Tech Briefs


Analysis of a Hydraulic Turbine

Much effort is being made to develop efficient and cost-effective renewable energy solutions (see Ref.). In conventional hydropower, as well as in the more recent quest to harness the energy from waves and tides, well designed turbomachinery is essential. We feature the analysis of a new hydraulic turbine design to power a generator providing between 1.0 and 1.2 kW for remote dwellings not connected to an electrical supply grid. The analysis was performed by SIM&TEC S.A. using ADINA.

In the analysis, the turbine was modeled to determine its characteristic curves of torque and power vs. rotational speed. The figures are provided to give an idea of the general trend of the results, but do not include numerical data due to client confidentiality requirements. The movie above shows the calculated flow through the rotating turbine.

Figure 1 shows the geometry of the turbine. The finite element mesh used is shown in Figures 2 and 3.

Figure 1 Schematic of the turbine, two views

Figure 2 Finite element model used: fixed and rotating fluid mesh

Figure 3 Finite element model used: turbine

In the fluid model, a rotating mesh (shown in red in Figure 2) attached to the blades was defined and a separate fixed mesh (green in Figure 2) was also defined, with a sliding surface between these two meshes. The rotating turbine is shown in the movie above.

Band plots from the analysis results are shown in Figures 4 to 6.

Figure 4 Relative radial velocity band plot along edge of blade

Figure 5 Relative tangential velocity band plot

Figure 6 Turbulence intensity band plot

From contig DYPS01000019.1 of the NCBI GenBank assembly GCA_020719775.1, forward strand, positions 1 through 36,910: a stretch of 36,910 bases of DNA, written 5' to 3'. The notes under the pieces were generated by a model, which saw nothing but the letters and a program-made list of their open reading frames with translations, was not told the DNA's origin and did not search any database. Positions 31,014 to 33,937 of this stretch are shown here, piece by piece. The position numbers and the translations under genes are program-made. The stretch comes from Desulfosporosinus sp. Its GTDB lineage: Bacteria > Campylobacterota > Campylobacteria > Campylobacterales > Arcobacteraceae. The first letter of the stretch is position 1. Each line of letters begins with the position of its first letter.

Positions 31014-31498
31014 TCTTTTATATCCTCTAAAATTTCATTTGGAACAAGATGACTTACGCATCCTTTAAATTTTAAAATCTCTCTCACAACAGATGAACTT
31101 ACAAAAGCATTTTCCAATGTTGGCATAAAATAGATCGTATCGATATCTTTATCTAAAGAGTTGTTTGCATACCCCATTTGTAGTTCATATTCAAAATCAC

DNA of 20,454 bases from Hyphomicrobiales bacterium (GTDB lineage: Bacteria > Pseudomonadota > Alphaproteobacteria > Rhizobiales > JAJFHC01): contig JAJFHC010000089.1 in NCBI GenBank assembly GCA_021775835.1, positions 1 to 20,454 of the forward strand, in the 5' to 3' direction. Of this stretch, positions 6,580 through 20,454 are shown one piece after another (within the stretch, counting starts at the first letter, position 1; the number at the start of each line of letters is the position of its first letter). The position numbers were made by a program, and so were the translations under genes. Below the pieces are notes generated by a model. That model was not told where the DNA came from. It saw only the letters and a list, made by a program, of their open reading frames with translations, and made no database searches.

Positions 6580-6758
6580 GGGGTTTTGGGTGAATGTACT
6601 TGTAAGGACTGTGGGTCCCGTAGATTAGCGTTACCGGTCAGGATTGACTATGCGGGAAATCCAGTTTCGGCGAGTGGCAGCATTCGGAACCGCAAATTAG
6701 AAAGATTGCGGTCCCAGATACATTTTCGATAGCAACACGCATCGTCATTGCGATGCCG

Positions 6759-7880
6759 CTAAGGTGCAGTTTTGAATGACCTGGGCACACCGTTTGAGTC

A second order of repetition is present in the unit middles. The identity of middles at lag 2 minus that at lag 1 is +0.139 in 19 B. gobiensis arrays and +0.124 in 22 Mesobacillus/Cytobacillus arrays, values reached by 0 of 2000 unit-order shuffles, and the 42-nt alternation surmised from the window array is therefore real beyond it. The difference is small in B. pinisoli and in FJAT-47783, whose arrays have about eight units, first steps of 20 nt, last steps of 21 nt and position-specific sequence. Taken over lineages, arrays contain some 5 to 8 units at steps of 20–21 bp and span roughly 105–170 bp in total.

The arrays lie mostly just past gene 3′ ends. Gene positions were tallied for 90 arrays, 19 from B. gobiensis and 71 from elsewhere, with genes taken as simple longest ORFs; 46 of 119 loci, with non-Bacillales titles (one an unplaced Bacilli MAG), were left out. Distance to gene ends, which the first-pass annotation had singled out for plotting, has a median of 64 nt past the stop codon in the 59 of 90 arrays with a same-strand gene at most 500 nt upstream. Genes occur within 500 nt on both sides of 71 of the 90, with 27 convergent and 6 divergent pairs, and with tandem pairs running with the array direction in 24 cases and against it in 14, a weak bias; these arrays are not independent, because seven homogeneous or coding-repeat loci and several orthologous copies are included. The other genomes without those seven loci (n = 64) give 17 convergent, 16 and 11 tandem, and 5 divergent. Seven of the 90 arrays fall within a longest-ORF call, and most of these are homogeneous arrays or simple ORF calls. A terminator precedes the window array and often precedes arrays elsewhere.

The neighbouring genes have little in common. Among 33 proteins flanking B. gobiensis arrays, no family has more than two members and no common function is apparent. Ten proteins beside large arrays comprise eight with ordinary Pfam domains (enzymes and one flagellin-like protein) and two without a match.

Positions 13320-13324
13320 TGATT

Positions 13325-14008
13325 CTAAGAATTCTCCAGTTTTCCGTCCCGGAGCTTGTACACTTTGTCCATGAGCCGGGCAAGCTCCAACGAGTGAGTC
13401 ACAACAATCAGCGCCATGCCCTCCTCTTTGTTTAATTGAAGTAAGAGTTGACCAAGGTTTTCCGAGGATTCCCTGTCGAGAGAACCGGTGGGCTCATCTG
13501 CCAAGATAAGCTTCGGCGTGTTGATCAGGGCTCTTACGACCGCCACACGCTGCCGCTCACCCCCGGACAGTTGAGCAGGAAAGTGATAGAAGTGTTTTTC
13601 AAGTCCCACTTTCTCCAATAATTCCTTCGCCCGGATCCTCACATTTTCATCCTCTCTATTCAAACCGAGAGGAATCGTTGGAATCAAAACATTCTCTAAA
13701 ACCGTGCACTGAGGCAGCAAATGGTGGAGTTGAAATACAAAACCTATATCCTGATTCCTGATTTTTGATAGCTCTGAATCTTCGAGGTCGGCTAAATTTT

To investigate the effect of river flow turbulence on the results, different values of free flow turbulence intensity (It) were considered. The numerical results were obtained modeling the flow with two different turbulence models: the standard k-ε model and the SST (Shear Stress Transport) model that combines the k-ε model in the free flow and the k-ω model close to the walls. As shown in the Figures 7 to 9, both sets of results are almost coincident.

Figure 7 Turbine power vs. rotational speed for different values of turbulence intensity (It) in the entry flow

Figure 8 Turbine torque vs. rotational speed for different values of turbulence intensity (It) in the entry flow

Figure 9 Turbine power coefficient for different values of turbulence intensity (It) in the entry flow

The powerful modeling capabilities available when using ADINA in CFD and FSI make ADINA the preferred analysis tool for a wide range of industrial problems in these areas.


  • C. Deilmann & K.J. Bathe, "A holistic method to design an optimized energy scenario and quantitatively evaluate promising technologies for implementation", International Journal of Green Energy, 6:1-21, 2009.

Turbine, rotating mesh, turbulence, k-ε model, k-ω model, SST model, CFD, green power, turbomachinery

Courtesy of SIM&TEC S.A.